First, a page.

Monday, July 25, 2016

Scrambled Tofu Collard Wraps

I confess I am not a real "egg" person. I was never somebody who could sit down to a breakfast of toast and scrambled eggs in the morning, nor would I hanker for an Eggs Benedict when we'd go out for brunch. In general, I was (and guess, still am) very specific about my eggs - crispy, crusty bottom, ideally omelette or sunny-side up, and there had better be something else too. When I became allergic to egg yolk, I didn't mourn it too badly, since I hadn't eaten a "proper" egg in ages anyways.

Scrambled Tofu Collard Wraps

I think it's because of my anti-egg mindset that I didn't even bother with the idea of scrambled tofu. When my friend dropped off a bunch of veggies to us in exchange for the fruits of my A Study in Apple Pie, I was mowing through all of them but the collard greens. I've never really cooked with them before, but knew they made pretty good wrappers for things. As fate would have it, I received an email the next day about breakfast wraps using tortillas layered with collard greens, bacon, red pepper and scrambled eggs. Well, I'm not super passionate about breakfast, but the idea of a dinnertime wrap appealed to me and for some reason it sparked a craving for something eggy - just not eggs.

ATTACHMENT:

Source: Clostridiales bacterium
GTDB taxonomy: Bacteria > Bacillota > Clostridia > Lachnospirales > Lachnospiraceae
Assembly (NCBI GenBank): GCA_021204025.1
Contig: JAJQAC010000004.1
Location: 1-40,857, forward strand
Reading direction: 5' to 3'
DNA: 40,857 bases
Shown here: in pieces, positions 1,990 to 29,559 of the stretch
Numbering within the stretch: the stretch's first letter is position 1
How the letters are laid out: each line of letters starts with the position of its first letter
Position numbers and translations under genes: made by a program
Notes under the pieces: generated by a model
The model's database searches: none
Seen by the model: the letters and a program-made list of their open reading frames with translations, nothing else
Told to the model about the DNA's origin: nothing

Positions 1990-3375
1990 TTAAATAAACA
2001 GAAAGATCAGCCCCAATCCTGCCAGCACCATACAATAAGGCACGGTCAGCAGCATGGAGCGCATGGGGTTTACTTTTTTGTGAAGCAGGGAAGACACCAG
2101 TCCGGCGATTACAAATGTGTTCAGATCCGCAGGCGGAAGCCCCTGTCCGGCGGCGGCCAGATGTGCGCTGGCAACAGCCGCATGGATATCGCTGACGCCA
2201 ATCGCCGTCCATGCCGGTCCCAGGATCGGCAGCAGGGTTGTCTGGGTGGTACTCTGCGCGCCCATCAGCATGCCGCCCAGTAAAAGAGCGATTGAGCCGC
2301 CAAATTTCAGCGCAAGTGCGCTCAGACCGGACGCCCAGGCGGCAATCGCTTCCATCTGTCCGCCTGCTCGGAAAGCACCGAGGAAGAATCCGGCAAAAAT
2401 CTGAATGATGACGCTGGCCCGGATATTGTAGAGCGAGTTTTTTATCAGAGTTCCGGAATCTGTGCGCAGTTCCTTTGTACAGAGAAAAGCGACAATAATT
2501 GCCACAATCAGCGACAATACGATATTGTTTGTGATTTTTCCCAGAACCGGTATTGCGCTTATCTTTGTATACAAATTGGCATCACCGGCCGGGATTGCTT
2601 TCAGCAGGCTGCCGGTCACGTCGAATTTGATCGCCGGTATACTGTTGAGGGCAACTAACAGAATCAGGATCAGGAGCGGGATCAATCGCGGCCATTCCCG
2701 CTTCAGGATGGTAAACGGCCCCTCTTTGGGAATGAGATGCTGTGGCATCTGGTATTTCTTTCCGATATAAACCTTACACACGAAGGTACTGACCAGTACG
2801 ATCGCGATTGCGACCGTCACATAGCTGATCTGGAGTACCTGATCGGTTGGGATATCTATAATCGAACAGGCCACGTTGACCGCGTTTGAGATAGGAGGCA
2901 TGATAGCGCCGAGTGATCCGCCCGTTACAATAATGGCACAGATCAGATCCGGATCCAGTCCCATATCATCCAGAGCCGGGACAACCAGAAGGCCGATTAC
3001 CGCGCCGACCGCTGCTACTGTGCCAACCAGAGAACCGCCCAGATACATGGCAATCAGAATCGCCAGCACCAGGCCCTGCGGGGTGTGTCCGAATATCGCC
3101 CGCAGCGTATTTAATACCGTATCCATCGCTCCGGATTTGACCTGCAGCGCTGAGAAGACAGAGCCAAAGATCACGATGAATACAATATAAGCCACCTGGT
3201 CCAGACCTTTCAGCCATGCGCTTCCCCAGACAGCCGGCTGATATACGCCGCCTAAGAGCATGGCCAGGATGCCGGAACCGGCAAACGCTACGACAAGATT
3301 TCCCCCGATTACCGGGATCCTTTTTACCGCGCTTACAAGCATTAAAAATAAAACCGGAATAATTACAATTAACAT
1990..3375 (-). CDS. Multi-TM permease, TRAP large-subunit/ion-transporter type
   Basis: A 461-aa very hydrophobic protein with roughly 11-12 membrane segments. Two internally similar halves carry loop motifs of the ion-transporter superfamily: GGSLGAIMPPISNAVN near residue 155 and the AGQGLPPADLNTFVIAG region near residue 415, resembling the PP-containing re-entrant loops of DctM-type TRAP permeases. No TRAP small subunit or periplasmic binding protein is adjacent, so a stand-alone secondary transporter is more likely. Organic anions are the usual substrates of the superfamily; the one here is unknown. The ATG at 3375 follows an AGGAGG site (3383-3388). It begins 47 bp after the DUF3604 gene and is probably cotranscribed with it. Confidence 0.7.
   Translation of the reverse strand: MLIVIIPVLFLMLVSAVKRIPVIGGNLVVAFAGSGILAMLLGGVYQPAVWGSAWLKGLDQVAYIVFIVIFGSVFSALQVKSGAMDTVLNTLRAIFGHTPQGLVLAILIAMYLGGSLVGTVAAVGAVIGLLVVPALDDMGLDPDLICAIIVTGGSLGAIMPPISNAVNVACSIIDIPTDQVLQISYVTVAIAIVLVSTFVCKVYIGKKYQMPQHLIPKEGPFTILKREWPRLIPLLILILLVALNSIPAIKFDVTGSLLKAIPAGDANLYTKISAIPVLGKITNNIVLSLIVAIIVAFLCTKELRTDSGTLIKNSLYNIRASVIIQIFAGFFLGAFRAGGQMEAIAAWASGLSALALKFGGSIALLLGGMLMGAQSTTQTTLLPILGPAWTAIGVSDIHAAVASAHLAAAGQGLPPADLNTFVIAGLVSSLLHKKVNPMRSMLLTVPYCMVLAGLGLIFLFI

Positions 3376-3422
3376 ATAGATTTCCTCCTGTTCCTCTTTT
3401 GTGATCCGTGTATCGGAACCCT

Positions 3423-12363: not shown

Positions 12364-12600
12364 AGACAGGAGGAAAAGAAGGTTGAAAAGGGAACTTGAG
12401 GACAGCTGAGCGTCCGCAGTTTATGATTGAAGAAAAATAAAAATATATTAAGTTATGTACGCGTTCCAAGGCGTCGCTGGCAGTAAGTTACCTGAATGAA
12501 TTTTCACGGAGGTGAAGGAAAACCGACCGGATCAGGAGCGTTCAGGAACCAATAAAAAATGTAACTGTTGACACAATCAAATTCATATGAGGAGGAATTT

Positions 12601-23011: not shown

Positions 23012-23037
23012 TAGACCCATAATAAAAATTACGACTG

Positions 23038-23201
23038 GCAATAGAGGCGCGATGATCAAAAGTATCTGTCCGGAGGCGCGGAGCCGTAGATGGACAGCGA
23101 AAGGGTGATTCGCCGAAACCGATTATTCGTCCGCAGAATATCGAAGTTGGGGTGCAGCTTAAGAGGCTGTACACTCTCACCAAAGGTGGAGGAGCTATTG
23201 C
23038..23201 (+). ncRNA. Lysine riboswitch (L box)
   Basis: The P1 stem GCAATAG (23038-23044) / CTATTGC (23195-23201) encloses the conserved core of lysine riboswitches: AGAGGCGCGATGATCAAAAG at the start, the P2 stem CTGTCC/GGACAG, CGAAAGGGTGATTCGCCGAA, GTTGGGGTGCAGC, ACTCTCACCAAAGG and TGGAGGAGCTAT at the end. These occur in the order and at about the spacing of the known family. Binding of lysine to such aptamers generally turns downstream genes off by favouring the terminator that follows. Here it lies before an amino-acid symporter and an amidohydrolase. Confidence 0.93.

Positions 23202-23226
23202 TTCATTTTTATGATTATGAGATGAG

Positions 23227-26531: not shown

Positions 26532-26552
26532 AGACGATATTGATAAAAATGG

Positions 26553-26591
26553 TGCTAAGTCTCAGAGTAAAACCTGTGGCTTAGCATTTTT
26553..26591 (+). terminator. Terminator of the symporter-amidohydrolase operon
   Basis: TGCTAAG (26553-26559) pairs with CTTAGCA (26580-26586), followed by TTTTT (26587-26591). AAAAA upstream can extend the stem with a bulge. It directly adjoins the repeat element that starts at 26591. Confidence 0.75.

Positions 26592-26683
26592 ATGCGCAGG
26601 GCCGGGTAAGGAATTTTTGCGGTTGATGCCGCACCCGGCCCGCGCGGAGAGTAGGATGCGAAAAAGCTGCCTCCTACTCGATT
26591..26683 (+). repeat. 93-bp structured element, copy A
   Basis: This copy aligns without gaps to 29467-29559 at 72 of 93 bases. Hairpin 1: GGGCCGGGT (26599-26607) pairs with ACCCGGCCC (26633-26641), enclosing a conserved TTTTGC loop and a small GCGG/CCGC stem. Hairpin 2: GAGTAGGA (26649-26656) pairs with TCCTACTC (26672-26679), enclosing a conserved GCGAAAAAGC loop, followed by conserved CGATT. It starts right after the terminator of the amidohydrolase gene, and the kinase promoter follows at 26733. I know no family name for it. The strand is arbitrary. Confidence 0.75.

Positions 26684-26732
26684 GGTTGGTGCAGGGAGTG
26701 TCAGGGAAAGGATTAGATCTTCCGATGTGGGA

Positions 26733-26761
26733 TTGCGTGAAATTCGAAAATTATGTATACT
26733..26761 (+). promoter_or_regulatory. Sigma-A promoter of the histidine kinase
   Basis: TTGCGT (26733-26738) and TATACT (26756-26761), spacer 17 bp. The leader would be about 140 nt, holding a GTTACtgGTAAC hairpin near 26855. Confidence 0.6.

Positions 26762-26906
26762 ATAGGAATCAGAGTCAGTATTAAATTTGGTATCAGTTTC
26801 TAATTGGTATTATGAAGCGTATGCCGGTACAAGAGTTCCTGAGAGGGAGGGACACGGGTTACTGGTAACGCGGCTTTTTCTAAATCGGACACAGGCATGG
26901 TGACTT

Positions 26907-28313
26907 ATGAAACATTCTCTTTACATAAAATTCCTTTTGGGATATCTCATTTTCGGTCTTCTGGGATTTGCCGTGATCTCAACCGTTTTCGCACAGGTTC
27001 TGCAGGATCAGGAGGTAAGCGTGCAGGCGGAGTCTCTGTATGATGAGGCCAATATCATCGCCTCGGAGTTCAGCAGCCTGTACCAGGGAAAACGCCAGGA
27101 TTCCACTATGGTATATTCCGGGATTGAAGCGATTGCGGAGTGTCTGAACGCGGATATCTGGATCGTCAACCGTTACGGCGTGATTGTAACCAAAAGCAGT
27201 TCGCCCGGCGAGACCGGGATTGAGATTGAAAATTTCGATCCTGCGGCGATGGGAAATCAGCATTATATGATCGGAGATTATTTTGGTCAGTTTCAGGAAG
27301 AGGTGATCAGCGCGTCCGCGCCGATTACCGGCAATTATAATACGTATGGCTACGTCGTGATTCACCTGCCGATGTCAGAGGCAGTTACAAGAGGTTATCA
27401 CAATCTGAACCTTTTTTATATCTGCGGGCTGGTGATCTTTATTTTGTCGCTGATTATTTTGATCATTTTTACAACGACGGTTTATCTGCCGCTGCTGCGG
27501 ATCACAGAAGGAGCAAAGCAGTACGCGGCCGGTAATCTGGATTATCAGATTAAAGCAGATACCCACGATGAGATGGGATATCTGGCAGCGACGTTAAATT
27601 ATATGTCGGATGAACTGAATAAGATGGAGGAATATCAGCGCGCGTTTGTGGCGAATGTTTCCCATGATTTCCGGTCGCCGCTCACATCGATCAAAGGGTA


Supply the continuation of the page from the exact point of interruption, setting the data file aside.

Since I had a block of silken tofu in the pantry (love those Tetra-Paks), I started googling ways to use it like eggs. A couple hours of research and a dive into DIY Vegan later I had something I was willing to try out, and since then I've become a non-egg egg convert!

One of the key ingredients in the Savoury Egg Mixture is something called kala namak. It's a Himalayan sea salt that is naturally infused with sulfuric compounds (like the hot springs and sulfur pools in Western Canada and the US) and when used, adds a distinctive "cooked egg" flavour to whatever it's sprinkled on. It not only makes great tofu scrambles, but it also elevates less-than-ripe tomato slices and slices of cucumber too

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Saturday, July 23, 2016

Adults-Only Chocolate Orange Sauce

As a "grown up", I've gotten used to the fact that some things I could get away with eating as a kid would raise more than a few eyebrows if I tried it now. Spoonfuls of Nutella and/or peanut butter out of the jar, frozen McDonalds french fries (don't know why my mom used to freeze them but they were so good), corn syrup on toast and tubes of raw cookie dough shared amongst my closest friend all come to mind - along with the reminder that there was a reason I topped 200 pounds in my early teen years. Moderation was preached at home, but when left to my own teenage devices it left the building entirely.